These are the immediate consequences for tourism to Cuba of the explosion of the Hotel Saratoga

The Cuban Ministry of Tourism (MINTUR) assured on Tuesday that the island “will continue to be a safe destination, one of peace and tranquility.”in his first public reaction to the explosion at the Hotel Saratoga in Havana, which has killed 42 people and injured nearly a hundred.

Despite the fact that this facility is owned by the Cuban military business conglomerate GAESA, MINTUR carried out damage control through Carmen Casal Sánchez, spokeswoman for the organizationwho highlighted “the rapid response of tourism entities, of nearly 1,000 of their workers, and of the population, by going massively and voluntarily to donate blood for people” admitted to hospitals as a result of the accident, he cited the state Cuban News Agency.

According to the official, “the facilities of the sector continue to provide services to national and foreign tourists who enjoy their vacations in our destination, with the tranquility and security that characterize it.”

The closest that GAESA, owner of the Saratoga, came to this meeting with the press was through Gaviota’s spokesman, Roberto Enrique Calzadilla, who limited himself to thanking the people for “their solidary support in these difficult times that the country is experiencing, and to the rescue and rescue forces, to the firemen, builders, to the Cuban Red Cross for the waste of sacrifice and effort in the search for the disappeared”.

The officials indicated that 80% of the Saratoga building is damaged.

“As a number one priority, the country’s leadership has given the search for our partners,” Enríquez said. “When it is finished, we think we are quite close… there will be a multidisciplinary team, we already have it conceived, that will delve into the current situation of that property,” AP quoted him as saying.

“Today the facility is approximately 80% affected, according to specialists, but all of this has to be corroborated,” said Enríquez, who refused to indicate whether the building would be demolished or whether it would be used as a hotel again.

Of the 51 workers who were part of the hotel or were working on the remodeling, 23 died., including two directors, technical services personnel, gastronomy, reception, security, marketing and insurance, said Enríquez. Three employees, two waitresses and a cook are still being searched in the rubble.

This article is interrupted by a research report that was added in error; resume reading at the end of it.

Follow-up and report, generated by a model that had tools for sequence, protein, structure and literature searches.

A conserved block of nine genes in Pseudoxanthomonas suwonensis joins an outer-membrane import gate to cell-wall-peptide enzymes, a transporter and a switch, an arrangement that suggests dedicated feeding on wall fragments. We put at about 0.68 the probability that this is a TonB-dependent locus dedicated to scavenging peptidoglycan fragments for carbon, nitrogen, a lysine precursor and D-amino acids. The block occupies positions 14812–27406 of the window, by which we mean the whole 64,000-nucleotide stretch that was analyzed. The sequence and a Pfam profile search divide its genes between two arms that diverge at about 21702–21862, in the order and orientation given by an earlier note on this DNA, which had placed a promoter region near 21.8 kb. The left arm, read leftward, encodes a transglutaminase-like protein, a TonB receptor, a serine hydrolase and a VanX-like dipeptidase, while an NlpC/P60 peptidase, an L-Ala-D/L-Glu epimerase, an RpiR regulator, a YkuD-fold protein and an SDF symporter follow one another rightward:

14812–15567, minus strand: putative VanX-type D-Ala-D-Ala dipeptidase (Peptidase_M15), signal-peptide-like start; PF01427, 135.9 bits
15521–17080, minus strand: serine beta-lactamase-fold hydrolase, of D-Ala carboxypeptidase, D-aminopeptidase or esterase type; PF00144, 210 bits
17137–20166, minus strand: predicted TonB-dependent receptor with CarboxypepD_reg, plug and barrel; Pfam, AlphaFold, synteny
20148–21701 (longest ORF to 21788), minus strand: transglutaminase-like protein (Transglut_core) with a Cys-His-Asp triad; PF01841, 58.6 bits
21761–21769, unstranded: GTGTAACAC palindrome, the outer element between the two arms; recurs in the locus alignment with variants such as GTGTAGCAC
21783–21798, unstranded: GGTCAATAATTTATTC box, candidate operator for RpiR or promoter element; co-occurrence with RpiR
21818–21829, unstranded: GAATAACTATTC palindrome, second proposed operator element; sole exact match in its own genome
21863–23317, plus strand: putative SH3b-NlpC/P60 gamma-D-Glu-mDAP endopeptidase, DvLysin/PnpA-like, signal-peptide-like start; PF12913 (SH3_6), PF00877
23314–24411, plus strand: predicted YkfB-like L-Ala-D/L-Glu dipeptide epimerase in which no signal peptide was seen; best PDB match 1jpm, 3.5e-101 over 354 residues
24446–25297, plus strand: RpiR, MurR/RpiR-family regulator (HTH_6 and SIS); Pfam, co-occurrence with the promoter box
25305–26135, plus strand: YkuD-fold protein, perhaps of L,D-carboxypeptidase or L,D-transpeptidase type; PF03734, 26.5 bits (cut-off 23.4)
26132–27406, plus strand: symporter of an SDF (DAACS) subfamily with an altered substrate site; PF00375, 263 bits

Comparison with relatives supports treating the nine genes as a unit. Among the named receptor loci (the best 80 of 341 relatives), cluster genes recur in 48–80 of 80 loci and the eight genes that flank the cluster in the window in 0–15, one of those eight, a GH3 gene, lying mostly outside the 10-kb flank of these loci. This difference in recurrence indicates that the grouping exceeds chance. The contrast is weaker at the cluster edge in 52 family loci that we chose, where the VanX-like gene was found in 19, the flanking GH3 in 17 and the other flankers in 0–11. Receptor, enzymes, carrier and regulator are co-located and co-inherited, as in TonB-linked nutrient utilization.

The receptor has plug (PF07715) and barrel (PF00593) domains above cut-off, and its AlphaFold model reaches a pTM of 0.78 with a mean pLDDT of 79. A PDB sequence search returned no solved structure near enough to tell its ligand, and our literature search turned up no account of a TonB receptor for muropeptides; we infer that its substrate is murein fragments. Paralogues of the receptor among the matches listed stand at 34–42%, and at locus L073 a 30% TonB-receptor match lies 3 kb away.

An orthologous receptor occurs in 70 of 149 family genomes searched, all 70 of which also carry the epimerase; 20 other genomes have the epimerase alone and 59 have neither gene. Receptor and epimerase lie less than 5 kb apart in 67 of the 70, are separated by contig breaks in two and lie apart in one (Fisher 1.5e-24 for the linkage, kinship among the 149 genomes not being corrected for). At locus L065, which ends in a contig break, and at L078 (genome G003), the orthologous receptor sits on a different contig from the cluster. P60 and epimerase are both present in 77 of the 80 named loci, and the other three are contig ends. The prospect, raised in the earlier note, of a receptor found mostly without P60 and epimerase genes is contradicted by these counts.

Despite the image of optimism that MINTUR wanted to give, The Cuba-US Economic Council consultant warned that the consequences of the events for tourism in Cuba will be immediate.

“For the Government of the Republic of Cuba, what is most worrying will be the immediate and highly visible resurgence of visitor (and resident) concerns about the fragility of the energy system (electric, gas, water, sewage, communications, etc.) that does not serve not only in Havana, but in areas throughout the 800-mile-long archipelago that is home to 11.3 million citizens,” said that entity in a note.

“The power grid is state-owned and operated by government-controlled entities and remains in a constant state of disrepair.although efforts continue to upgrade production, transmission and delivery elements and to transition parts of the power grid to renewable sources.”

And he warned that among the immediate effects is that “companies that provide insurance for properties (and for management companies operating outside of the Republic of Cuba that operate those properties) located in Cuba they can review the coverage and conditions of the policies they issue.

“Businesses operated by the Government of the Republic of Cuba may be required to review insurance policies affecting guests and clients of hotels, restaurants, retail stores, and apartment buildings whose tenants include non-Republic citizens.” Republic of Cuba, including diplomats,” he warned.

Likewise, he underlined in conclusion, “Companies that provide travel insurance for visitors can review the conditions of the policies they issue.”